Govt offices in B'luru may have to manage their waste

All government offices in BBMP limits may be asked to segregate waste. This picture shows a garbage pile outside the Vidhana Soudha. DH PHOTO/JANARDHAN B K

Successful in checking single-use pet bottles in government offices, the Bruhat Bengaluru Mahanagara Palike (BBMP) has now set its eyes on waste generated at all government offices and the homes of government employees in Bengaluru.

The civic body has proposed to the state government mandatory segregation of waste by government staff and processing of wet waste in offices and employees’ houses. 

According to a state government source, to transform all government offices into zero-waste zones, the BBMP has submitted a proposal to the Urban Development Department. Soon, the rule will be in place.

Ranging from small to multi-storeyed office buildings, all government offices within the BBMP limits, including the Vidhana Soudha and Vikasa Soudha, will fall under the programme’s ambit.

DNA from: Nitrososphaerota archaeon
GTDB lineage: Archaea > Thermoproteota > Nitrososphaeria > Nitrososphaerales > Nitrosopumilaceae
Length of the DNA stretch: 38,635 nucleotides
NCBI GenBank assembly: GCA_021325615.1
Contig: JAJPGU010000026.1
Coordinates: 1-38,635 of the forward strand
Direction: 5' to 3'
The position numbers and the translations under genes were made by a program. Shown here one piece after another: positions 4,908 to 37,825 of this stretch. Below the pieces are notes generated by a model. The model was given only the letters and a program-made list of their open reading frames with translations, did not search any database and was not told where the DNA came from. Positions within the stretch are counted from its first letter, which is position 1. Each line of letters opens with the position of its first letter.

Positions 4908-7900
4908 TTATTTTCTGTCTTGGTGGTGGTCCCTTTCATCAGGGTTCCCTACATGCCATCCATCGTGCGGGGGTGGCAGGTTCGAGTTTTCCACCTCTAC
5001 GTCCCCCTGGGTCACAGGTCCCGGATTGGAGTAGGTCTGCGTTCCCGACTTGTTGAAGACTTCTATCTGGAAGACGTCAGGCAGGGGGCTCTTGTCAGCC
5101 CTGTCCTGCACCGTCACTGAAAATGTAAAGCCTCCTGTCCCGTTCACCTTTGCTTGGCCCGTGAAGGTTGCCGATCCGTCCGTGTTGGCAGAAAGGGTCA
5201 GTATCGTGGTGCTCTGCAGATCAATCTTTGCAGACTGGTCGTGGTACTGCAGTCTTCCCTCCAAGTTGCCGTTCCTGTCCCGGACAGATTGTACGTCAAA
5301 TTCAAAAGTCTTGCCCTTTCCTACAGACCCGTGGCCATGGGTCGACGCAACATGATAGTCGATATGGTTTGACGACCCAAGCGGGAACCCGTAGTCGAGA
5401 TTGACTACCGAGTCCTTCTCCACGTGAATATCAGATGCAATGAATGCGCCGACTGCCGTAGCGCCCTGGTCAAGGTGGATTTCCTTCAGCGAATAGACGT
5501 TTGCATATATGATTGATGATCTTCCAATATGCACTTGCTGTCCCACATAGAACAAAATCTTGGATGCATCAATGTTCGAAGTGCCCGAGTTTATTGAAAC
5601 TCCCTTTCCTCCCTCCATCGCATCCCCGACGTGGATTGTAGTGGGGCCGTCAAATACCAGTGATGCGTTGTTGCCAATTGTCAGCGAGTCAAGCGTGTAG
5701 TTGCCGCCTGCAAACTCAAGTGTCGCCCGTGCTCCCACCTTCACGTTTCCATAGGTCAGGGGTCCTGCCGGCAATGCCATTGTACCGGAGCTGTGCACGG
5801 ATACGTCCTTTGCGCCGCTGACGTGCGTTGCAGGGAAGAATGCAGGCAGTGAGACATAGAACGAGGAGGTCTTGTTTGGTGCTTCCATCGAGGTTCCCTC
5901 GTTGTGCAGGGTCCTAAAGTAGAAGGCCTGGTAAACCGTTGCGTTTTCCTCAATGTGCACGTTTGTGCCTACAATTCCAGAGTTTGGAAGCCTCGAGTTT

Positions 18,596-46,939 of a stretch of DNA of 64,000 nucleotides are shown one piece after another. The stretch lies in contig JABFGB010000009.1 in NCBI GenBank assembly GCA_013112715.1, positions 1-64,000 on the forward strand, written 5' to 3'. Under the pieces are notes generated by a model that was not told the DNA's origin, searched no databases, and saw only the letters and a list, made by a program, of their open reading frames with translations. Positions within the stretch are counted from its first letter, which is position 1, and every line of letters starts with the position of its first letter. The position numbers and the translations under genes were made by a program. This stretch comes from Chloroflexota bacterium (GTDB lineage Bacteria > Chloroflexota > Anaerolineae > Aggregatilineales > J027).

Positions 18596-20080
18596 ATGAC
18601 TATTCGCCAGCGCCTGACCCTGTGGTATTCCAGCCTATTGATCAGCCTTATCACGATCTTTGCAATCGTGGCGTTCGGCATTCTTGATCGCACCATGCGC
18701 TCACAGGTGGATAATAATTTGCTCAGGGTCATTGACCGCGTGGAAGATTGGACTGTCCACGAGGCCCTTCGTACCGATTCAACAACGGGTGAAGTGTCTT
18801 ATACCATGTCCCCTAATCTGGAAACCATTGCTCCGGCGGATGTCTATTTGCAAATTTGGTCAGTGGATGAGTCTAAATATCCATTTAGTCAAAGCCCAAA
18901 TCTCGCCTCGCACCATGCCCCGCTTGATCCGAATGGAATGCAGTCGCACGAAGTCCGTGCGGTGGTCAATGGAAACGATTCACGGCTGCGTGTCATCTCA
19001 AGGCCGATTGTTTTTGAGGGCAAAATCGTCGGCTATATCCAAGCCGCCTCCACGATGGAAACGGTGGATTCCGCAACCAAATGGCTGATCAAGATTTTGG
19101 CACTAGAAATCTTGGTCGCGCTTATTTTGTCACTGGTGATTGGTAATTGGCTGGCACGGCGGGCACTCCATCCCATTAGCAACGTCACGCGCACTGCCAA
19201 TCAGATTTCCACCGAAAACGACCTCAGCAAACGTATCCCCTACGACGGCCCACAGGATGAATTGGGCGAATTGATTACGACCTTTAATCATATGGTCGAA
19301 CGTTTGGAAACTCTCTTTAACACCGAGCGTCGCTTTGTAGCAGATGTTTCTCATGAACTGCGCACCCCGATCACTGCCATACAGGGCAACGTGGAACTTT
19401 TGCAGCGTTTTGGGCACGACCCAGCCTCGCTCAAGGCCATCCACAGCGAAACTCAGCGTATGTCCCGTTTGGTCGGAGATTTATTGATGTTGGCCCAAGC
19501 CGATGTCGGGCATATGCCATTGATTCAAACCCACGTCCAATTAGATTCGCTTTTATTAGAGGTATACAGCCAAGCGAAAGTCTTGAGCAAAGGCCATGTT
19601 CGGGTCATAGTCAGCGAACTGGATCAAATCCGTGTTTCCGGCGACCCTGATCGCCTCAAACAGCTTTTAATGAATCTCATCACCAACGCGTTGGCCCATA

According to the proposal, a copy of which is with DH, the waste shall be segregated into three types — wet, dry and sanitary. “The segregated waste has to be stored in colour-coded bins,” the proposal said. Moreover, government servants whose houses are located within BBMP limits shall segregate their household waste besides processing wet waste.  

 In fact, the state-level NGT committee chairman, Subhash Adi had recently directed the BBMP to come up with a regulation where all the government offices, courts, and other civic bodies should segregate and process waste in their premises. A BBMP source revealed that the waste generated at government offices include leftovers in lunch boxes, pantry or canteen waste, food packaging material, organic waste such as flowers and garlands. 

 A top BBMP official told DH that depending on the space available at every office, processing units will be chosen and set up at their own expense. “Dry and reusable waste including e-waste should be given away to registered vendors. Sanitary waste should be given to the BBMP’s regular garbage vehicles,” the officer said. 

The compost generated can be used for gardening or be given away to agricultural requirements on a contract basis. Government staff are expected to carry cloth bags to buy vegetables, fruits and groceries, completely doing away with plastic.

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